At a time when environmental issues are a principal concern, this exhibition aims to demonstrate the deep emotional ties between the Japanese people and nature. Sixty paintings on paper and silk evoke their culture's essence.

Opening Hours
Tuesday through sunday from 10 a.m. to 06p.m.
Last admission at 05.30 p.m.
Closed on monday, November 1st and 11th, December 25th and January 1st

Exhibition's tickets
8 € full rate - 6 € concessions

The works - which depict plants, animals, and landscapes linked to a season or to a month of the year- all reflect the particular sensitivity and responsiveness of the Japanese people towards nature.

The exhibition demonstrates how the great artistic movements in Japanese painting of the seventeenth to the nineteenth century, while preserving centuries-old tradition, renewed the stylistic approach to these subjects. Works by artists from the Nanga, Maruyama-Shijō, and Rimpa movements will be on display, using various media such as vertical and horizontal scrolls and folding screens. This exceptional exhibition includes some of the greatest masters of Japanese painting - Ike No Taiga (1723-1776), Tani Bunchō (1763-1840), Maruyama Ōkyo (1733-1795) , and Sakai Hoitsu (1761-1828). This last artist is represented by a very rare series of twelve paintings of "Flowers and Birds of the Twelve Months." A similar set can be found in the Japanese Imperial Collection.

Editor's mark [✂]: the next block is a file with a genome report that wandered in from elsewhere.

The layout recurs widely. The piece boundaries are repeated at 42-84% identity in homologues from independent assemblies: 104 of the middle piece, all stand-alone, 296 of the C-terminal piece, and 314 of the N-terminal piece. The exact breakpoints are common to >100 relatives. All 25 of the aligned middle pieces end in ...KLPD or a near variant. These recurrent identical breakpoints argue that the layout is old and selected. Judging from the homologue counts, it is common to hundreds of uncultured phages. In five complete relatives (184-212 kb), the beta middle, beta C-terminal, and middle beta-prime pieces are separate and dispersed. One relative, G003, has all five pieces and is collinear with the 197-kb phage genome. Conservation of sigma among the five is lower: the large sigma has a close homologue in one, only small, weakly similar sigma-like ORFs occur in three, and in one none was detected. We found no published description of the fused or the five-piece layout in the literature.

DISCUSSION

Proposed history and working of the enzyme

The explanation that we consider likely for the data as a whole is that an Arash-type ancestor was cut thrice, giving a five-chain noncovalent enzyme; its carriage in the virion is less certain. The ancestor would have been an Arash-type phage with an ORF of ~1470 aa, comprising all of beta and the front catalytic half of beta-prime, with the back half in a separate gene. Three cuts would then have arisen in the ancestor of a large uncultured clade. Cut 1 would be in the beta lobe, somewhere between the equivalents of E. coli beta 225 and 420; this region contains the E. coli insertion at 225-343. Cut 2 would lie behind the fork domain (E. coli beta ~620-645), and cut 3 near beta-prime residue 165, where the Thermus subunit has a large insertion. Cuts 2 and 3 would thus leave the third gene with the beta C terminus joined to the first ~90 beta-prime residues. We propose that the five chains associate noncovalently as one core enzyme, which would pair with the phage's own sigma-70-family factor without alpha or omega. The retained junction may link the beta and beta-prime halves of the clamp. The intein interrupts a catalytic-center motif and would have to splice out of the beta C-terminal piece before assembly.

The works on display belong to American collectors Robert and Betsy Feinberg. Some of the works have been seen at exhibitions in Japan and at the Metropolitan Museum of Art in New York. Others are appearing for the first time.

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VISITORS INFORMATION - From January 30th, 2023 and for a period of six months, part of the permanent collections will be closed due to renovation works of the building. Spaces 1 to 5 will remain open to the public, spaces 6 to 14 (from the Buddha Hall to the Painting Room) will be closed. During this time, temporary exhibitions will continue to be presented on ground floor, such as the exhibition "Ink in motion, A History of Chinese Painting in the 20th Century" extended until March 5, 2023. Thank you for your understanding.